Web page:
• Become familiar with using the HIVE software and the HIVE processes.


Part 2, 1:30pm-5:30pm

Overview

This session provides details on the HIVE system, underlying algorithms, source code, and the library of system features.
 

Audience

System developers, as well as technologists, librarians, and information scientists who are interested in the technological side of the semantic web, and who may be implementing, experiments with, and/or extending HIVE technologies.
 

Prerequisites

Java programming, and object oriented design.
 

Learning Outcomes

  • Understand the architecture of the HIVE vocabulary server.
  • Become familiar with information retrieval techniques and how HIVE applies them to vocabulary terms.
  • Gain experience indexing documents with HIVE and KEA (a machine learning application).
  • Learn how to integrate HIVE vocabulary services into other tools.
  • Learn how to use the SPARQL language for querying content in HIVE.

 

Speakers
Jane Greenberg
, is a professor at the School of Information and Library Science, University of North Carolina at Chapel Hill (SILS/UNC-CH); and she is founder and director of the SILS Metadata Research Center.  Her research and teaching focus in the areas of metadata, knowledge organization, and the semantic web.  Her funded research has been supported by NSF, IMLS, Microsoft Research, Library of Congress, and OCLC.  She is the 2010 recipient of the Jesse H. Shera Award for Distinguished Published Research.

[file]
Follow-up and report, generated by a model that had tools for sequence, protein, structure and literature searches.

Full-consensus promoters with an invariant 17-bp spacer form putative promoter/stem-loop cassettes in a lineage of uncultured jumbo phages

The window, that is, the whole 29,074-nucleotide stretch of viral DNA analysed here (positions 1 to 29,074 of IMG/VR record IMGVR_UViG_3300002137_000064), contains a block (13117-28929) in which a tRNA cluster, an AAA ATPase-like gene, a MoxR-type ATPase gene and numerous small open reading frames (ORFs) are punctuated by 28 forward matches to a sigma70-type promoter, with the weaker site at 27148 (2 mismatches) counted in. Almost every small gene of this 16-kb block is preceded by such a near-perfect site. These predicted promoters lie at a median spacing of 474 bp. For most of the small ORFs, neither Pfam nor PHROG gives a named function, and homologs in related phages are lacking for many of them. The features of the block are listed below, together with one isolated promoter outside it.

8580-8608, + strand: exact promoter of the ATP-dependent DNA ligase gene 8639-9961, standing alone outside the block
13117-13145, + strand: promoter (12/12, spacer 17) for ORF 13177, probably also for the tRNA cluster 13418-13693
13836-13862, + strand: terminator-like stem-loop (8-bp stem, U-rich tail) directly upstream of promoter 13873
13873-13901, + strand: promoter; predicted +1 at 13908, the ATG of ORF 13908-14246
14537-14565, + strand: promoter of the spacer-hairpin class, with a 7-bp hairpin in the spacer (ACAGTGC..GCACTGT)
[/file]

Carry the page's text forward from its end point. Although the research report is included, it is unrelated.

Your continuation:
Ryan Scherle is the lead data repository architect for Dryad at the National Evolutionary Synthesis Center (NESCent).  He has a Ph.D. in Computer Science from Indiana University.  His Dryad work also involves collaborating with the NSF DataOne datanet program.  Ryan's research and publication activities focus in the areas of federated/distributed search, automatic metadata extraction, automatic thesaurus construction, metadata generation.  Prior to his work at NESCent he was part of the IU Digital Library Program, and worked on the development of the FRBR-based Variations Digital Music Library.

Hollie White is doctoral fellow at the University in the School of Information and Library Science, Metadata Research Center, University of North Carolina at Chapel Hill.  She is the 2009 recipient of the Council of Library and Information Resources' Zipf Fellowship in Information Management.  Her research areas include knowledge organization, information organization, metadata, and personal information management.  Before enrolling in the doctoral program, Hollie was Catalog Librarian at the Ross-Blakely Law Library at Arizona State University.


Fees
Part 1, 8:30am-12:30pm
Members $95, non-members $105, before Sept. 10, 2010
Members $105, non-members $115, after Sept. 10, 2010

Part 2, 1:30pm-5:30pm
Members $95, non-members $105, before Sept. 10, 2010
Members $105, non-members $115, after Sept. 10, 2010

Register for Both Parts 1 & 2, and Save!
Members $180, non-members $200, before Sept. 10, 2010
Members $200, non-members $220, after Sept. 10, 2010

Does not include lunch.